Since 1895, no more than 20 men have belonged to this club at any one time. Membership is selective but not arrogant; a big commitment but inexpensive.
Guided by ritual, Tile Club meetings are much as they've been for thousands of previous Tuesday evenings: thick steaks are likely to be grilled in the fireplace, portraits will be sketched, songs sung, jokes told, backs slapped, and cards dealt. After dinner, attendees' names will be recorded in the huge ledger, circa 1901.
Inside a brick clubhouse on 13th Street is a century of detritus as much absurd as sublime. It's a man cave, to be sure, but instead of a big-screen TV flanked by sports paraphernalia, the gathering room has hearth, piano, and art-covered walls. There are 11 decades of flattering member portraits, landscapes, and drawings of hunting dogs (by charter member Edmund Osthaus), along with sketches of female nudes, apparently done in the studio upstairs.
Art is the foundation of the group, and members usually have some affiliation with the arts.
“Many of the Tuesday-night discussions centered around the possibility of a museum, and the museum itself, when it finally took shape, became one of the club's primary interests,” notes a 1945 history of the Tilers' first 50 years. Indeed, they raised a substantial portion of the funds used to establish the Toledo Museum of Art, of which George Stevens, a Tiler, became the director.
Laughter, a scrumptious meal, and a few relaxing hours with friends are of paramount importance to this band of brothers. The qualifications?
“If they seem amenable to the group and tell a good joke,” says Dick Boers, who joined in 1976.
Adds Bob Boyles, of Perrysburg: “We try not to bring the world's problems in here.”
Club members have long invited guests who are female or not white, but all members are white men: that's by default, not design, says retired teacher Larry Golba, who joined in 2002.
With annual dues of $500 plus a few bucks for the cook's expense, the challenge is promising to appear once a week until death do they part, and the many snowy heads here attest to member longevity.
“That's food for thought,” observes Paul LaMarre, director of the S.S. Willis B. Boyer Museum Ship. At 29, he is one of the youngest-ever Tilers. “There's nowhere in Toledo where you can have brotherhood, camaraderie, and history in one location like this.”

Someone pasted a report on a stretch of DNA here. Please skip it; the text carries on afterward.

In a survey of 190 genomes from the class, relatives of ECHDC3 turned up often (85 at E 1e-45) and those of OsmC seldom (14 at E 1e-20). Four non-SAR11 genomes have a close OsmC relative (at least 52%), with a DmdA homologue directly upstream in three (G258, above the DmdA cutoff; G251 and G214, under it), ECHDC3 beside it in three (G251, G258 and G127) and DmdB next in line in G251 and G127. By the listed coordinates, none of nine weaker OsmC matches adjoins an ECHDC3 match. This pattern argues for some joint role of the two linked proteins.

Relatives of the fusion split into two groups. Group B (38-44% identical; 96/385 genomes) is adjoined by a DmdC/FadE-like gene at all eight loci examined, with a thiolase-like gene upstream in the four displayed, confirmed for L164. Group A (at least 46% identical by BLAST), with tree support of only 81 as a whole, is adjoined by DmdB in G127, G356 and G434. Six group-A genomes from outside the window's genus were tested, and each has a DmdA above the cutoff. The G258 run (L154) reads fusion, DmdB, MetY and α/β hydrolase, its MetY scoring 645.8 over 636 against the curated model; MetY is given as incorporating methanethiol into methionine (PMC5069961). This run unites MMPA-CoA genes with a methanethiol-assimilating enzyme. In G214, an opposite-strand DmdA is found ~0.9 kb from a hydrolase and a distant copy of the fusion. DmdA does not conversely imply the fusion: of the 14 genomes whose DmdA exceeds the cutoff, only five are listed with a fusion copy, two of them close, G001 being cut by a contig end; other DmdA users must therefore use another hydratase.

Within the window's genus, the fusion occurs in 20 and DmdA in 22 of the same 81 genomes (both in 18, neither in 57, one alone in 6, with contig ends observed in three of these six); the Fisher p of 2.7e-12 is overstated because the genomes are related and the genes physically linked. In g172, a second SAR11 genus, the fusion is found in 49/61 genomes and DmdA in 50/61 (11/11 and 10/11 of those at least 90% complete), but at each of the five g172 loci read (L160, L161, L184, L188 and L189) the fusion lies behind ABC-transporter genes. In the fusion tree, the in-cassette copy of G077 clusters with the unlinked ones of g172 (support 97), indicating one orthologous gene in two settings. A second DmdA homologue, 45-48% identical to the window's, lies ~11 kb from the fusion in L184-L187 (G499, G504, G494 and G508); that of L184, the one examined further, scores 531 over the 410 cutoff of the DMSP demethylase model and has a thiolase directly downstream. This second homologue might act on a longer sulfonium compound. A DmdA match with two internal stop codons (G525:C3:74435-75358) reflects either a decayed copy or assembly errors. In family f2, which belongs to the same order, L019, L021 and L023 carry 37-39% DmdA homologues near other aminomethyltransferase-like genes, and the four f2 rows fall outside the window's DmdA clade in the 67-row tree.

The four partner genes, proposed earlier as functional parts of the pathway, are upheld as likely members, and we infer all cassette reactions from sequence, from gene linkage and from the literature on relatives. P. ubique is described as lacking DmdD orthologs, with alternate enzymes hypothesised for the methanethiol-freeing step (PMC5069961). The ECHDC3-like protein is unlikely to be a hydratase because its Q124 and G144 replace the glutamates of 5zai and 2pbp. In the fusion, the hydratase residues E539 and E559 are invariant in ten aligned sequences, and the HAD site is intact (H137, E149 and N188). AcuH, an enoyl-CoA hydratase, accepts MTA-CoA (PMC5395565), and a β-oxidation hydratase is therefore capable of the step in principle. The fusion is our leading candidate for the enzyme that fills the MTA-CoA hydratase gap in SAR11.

They begin strolling in after 5 p.m., most in suits and ties, and quickly dive into drinks, snacks, and conversation. By 6, artists drift upstairs to the studio where they'll draw, perhaps a guest. Downstairs, musicians led by pianist Jack Straub, an attorney, play and sing.
In the dining room by 7, they've clambered over wide wooden benches around the huge oak table designed by David Stine (charter member and the architect who gave us the Lucas County Courthouse, Scott and Waite high schools, and beautiful Old West End homes).
Wine and candles. Someone circles the table, pouring cowboy coffee from a huge white enamel pot. These walls are paneled with wooden grain chutes salvaged long ago from a grain-elevator fire and pried off the walls of the club's previous meeting place when they had to vacate it in 1955.
At feast's end, guests speak about themselves and are encouraged to tell funny stories. After cleanup and farewells, a game of rummy begins and the diehards may continue until 9:30.
The idea for the club originated with the Tile Club in New York City, a group of 31 male painters, sculptors, illustrators, and architects, including Winslow Homer and William Merritt Chase. Between 1877 and 1887, they met for fun and art, painting on ceramic tiles and taking excursions to draw. Along the way, they popularized European trends such as plein air painting and Impressionism.
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